Making Cents: Planning for your financial future

Most of us in Ireland have the means to cover day to day costs and current commitments but a worryingly high number still struggle and most of us could do better when it comes to long-term planning.

They were some of the findings of the Competition and Consumer Protection Commission (CCPC), which recently published details of the first financial well-being study conducted in Ireland.

The research examines the behaviours and circumstances that influence financial decision making and well-being, the extent to which Irish people are able to meet their current financial needs comfortably and their financial resilience.

It found that people in Ireland are faring well in terms of general financial well-being, with an average score that is lower than Norway but higher than Australia and New Zealand and on a par with Canada.

However, financial well-being is also the ability to have financial comfort now and into the future.

The report found that a significant number of people have little financial resilience beyond meeting current commitments and that 52% of people are meeting current financial commitments, but have little provision against financial shocks.

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This finding is backed by an Aviva survey which showed 40% of us do not have a back-up plan to fund if we were to fall ill.

This is despite the fact we know it happens - 60% of Irish workers know someone that has been out of work on sick leave for more than four weeks at some stage in their working life.

“The feedback from this survey is quite enlightening, as well as worrying, when it comes to understanding public perception of what people would fall back on financially if they were unable to work for an extended period,” Karen Gallagher of Aviva said.

“The research also shed some light on what people consider their biggest expenditures, and what they might struggle to pay for.

We asked the CSO, and their most recent figures reveal that an Irish household’s average weekly expenditure is approximately €1,132. That’s a significant sum of money to have to replace to meet bills and other payments if you are not in receipt of a wage.

So now we know what can we do about it? The CCPC’s research found that for many people, financial well-being is improved through two key behaviours: ‘active saving’ and ‘not borrowing for daily expenses’.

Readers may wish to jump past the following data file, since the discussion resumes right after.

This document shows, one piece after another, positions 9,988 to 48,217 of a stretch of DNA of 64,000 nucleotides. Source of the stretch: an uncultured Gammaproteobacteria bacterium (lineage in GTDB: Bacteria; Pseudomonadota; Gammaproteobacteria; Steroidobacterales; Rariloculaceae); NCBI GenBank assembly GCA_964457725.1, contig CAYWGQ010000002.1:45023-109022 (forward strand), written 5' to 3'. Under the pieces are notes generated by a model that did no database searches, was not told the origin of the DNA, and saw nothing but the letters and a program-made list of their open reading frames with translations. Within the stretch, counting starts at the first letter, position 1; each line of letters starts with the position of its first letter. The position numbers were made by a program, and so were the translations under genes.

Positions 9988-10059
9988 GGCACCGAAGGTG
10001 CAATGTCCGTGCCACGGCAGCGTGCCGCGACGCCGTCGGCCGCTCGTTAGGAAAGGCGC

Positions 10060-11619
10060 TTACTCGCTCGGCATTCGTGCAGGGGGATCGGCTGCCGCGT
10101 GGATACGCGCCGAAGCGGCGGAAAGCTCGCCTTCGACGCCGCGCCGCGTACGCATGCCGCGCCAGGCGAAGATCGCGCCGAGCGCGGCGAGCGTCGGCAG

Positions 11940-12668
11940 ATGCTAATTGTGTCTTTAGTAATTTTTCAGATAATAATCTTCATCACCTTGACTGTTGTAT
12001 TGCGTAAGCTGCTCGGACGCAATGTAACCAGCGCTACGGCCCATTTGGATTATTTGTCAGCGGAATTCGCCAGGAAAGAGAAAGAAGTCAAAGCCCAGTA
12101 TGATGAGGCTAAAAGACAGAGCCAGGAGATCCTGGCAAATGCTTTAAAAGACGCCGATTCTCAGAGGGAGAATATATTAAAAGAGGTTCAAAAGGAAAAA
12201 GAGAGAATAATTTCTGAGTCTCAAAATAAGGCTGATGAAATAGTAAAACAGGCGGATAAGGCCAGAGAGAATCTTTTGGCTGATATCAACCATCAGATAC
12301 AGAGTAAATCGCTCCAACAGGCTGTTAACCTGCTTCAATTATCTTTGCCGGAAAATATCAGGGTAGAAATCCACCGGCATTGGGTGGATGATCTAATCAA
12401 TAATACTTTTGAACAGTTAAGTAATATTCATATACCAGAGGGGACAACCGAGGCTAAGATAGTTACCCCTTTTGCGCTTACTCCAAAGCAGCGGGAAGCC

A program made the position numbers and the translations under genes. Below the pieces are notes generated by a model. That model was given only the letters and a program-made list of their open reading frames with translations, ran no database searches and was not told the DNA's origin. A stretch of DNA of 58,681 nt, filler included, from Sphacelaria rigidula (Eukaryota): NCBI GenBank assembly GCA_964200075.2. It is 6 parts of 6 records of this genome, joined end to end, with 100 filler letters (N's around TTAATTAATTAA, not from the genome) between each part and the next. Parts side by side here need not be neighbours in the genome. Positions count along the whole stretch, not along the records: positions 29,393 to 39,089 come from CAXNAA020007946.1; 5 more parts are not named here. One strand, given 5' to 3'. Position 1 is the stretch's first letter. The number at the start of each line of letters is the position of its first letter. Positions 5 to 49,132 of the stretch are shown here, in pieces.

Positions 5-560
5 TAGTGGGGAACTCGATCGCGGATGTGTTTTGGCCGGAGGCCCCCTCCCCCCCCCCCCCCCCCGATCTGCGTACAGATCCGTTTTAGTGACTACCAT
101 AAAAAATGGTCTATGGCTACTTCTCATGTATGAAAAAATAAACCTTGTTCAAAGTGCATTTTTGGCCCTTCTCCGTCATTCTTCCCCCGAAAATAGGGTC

Financial confidence is also important and financial education can help to improve individuals’ financial well-being. As the CCPC report acknowledges, if a household’s precarious situation is due to low income, there are limits to what can be done to improve the situation.

“For some consumers, information to promote better financial capability is unlikely to provide either comfort or help,” it said.

Having said that, if one considers the longer term, the report suggests that a lower proportion of consumers may find themselves in financial difficulty if interventions are made, particularly at an early age.

So while you may not be able to wave a magic wand and change your income or circumstances, you can take steps to increase your knowledge.

The Money Advice and Budgeting Service (MABS) is one excellent source of financial information, as is the CCPC’s own website

Parents should also take note of the research as I believe this research proves we can have a powerful influence on our children’s financial future; talk about money with them from an early age.

There have long been calls for more financial education in schools but you are the most important educator your child can have.

Get them involved in the family finances as soon as possible, even explaining the budget while doing the weekly shop will engage them and increase their awareness of price and the need to manage spending.

If they are used to discussing money and feel comfortable asking questions, they are far less likely to fear their finances as adults.

As we begin a New Year, I will be looking at these issues in more depth, with columns in January devoted to getting your finances on track for 2019 and teaching kids about money.


AIB customers have four days left to avail of a 20% discount on a new Fitbit device.

FitBit physical activity trackers - which are designed to help users become more active in daily life, eat a healthier diet and even sleep better - have become increasingly popular with a health-conscious public.

Extra functions are also being added and the latest aims to make life easier for AIB customers.

Fitbit pay means they can now tap their wearable device to make payments of less than €30 from their AIB current account.

“We are delighted to be launching Fitbit Pay as our latest mobile first innovation and addition to our digital wallet,” Fergal Coburn, AIB Chief Digital and Innovation Officer, said.

To launch the new service they are offering a 20% discount on new devices over €150 but it is only available until Friday December 21.

To avail of the offer, customers must register for the AIB Everyday Rewards programme, find out more at

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